These days it's hard to stop Ben from running next door to Keaton's or cutting through the back to Grant's. And when he's not, chances are there's one (or more) additional little people at our house.

And I wouldn't have it any other way.

Over Ben's fire engine bed hangs a giant bulletin board. Filled with years of artwork, ticket stubs, baseball cards, the trapping of all things boy. And a photo of the four of us at the beach. Ben clutching Steve's leg. Sarah in a sling around my chest. Just weeks old and so small only I know she's there.

On Sunday night I went to tuck Ben into the fire engine. And there he sat. A construction paper heart with a photo pasted to the middle dangled from his finger by a strand of yarn. A picture of Ben hugging A. "I love this kid," he said through his impossibly long eyelashes. And then turned to hang it on his bulletin board. From the same thumbtack that secured our snapshot. His paper heart leaving only my head peaking out from behind.

And that night as I left the room I realized that letting go of my own insecurities would not be my greatest hardship. Not even close. My greatest hardship would be letting go of him.

Saturday, May 1, 2010

PSA: The Good China is Dishwasher Safe

Last week I was asked what was the most surprising thing about our Friday night dinners. My answer? How healing it has been for our family.

But frankly, if you would have told me ten months ago that I would be entertaining in my home. Every Friday. And then writing about it. I would have told you you were out of your blessed mind. (Expletives deleted). I'll spare you the details of my vision. But trust me. It had more to do with bolting the door than setting the table.

Which got me to thinking.

Maybe there was something to this weekly family dinner. Something bigger than our family. It was such a simple, universal concept. Yet so profoundly impactful. At least for us.

So I did a bit of research. Turned out I was right.

As far as I can tell, family dinners (at least according to the research) are practically saving the world. Wanna stop your kid from smoking, drinking and abusing drugs? Serve up a brisket. Improve reading and test scores and even build larger vocabularies? Bring on the beef. One study even credits dinner at home with a feeling of greater personal success and success in relationships -- not only with your children, but your spouse.

Still skeptical?

I don't blame you.

I'm a little suspicious too. Plus, with my kids at only two and five, I'm going to need a good ten years to find out if they were actually right.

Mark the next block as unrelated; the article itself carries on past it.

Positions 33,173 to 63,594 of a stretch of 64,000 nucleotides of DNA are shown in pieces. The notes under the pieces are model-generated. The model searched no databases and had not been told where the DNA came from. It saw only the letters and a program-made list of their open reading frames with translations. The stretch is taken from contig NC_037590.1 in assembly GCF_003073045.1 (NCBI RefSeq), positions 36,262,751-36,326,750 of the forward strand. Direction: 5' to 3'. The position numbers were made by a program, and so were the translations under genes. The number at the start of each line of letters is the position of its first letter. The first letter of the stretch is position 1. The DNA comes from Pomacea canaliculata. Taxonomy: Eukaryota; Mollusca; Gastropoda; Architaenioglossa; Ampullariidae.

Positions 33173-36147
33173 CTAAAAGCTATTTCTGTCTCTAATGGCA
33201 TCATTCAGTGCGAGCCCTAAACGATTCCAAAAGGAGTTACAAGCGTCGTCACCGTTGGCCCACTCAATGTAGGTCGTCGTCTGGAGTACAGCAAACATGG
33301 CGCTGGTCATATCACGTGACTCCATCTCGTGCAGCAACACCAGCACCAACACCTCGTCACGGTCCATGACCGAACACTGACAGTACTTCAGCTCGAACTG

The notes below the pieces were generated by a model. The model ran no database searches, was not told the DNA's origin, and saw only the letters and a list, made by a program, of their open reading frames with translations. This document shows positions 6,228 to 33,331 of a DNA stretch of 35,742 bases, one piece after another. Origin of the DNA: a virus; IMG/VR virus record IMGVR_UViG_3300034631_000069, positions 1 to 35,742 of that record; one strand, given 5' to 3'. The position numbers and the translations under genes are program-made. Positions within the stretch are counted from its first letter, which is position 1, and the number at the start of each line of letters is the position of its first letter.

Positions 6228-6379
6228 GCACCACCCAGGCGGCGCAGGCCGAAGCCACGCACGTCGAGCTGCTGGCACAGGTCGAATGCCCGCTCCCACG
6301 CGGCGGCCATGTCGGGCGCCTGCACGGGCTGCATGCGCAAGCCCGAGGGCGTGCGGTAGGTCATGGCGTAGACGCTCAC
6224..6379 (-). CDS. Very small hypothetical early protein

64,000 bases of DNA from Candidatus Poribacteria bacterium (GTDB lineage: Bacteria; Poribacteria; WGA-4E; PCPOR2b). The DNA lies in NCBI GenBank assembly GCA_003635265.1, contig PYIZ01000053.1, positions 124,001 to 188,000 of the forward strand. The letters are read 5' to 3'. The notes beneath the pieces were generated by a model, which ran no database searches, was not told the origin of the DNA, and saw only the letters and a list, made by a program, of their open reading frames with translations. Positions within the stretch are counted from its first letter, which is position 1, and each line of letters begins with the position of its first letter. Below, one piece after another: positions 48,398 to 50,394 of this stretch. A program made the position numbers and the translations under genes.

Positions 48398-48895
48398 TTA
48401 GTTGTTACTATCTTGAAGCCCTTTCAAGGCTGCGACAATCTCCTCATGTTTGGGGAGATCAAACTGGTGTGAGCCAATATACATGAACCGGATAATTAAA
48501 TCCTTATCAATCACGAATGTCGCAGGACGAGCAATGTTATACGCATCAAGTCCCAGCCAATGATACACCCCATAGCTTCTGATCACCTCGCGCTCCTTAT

So I'm giving you a few more practical reasons ... that won't require you to wait until your kids are 15 to confirm.

Here's what's happening at our house.

1. Entertaining every week has motivated me to do things like clean that dried up spaghetti sauce off the couch.

2. Entertaining every week has also made me realize that no one really cares (or notices) the sauce. And now I care less too.

3. I learned (and confirmed) that the peels of eight potatoes cannot be digested by my garbage disposal.

4. Steve learned (and confirmed) that he can dismantle the kitchen sink, clear a clog, and reassemble pipes. (It only leaks a little).

5. I unpacked and fired up my Cuisinart food processor, Kitchen Aide standing mixer and thirty dollar digital oven thermometer. All for one meal.

6. I started using the good china. And putting it in the dishwasher. Without ruining it.

7. Ben now assumes that he gets to have a friend at dinner every Friday night. Here's to hoping he feels that same way when he is 15.

8. I have recorded almost 6 great months of family memories for my kids. Which is good since I haven't snapped a single photo since Halloween.

9. We always have good left overs on Saturday.

10. I have made new friends, reconnected with old friends. Including my best friend -- my husband.

Still skeptical?

Monday, April 26, 2010

We Will Listen

Shabbat #16 - Havdalah

Guests: Just us. And cousin L.

Menu: Easy Grill: Steak, Mixed Peppers & Portabellas, Mache with Fennel & Parmesan, Toby's Challah, Chill Frozen Yogurt

What I Learned:

I'm attempting to run a marathon in every state. Saturday I crossed off Tennessee. I'm well beyond believing that anyone actually cares. I'm not even sure I do. I see the members of this elusive club at races. They're easy to spot. Even without their signature red, white and blue "50 State Marathon" singlets. Limping. Listing to one side. White hair. Is this what I'm headed for?


I hope.

I signed up for Nashville last year. Before the Shabbat resolution. Steve had originally planned to join me. But he was at home. Collecting a squash tournament award instead.

And that was okay.

I didn't have to lay awake listening to him snore the night before the race. And he didn't have to worry whether I was throwing up in my mouth when they dropped the prime rib in front of me at the tournament banquet.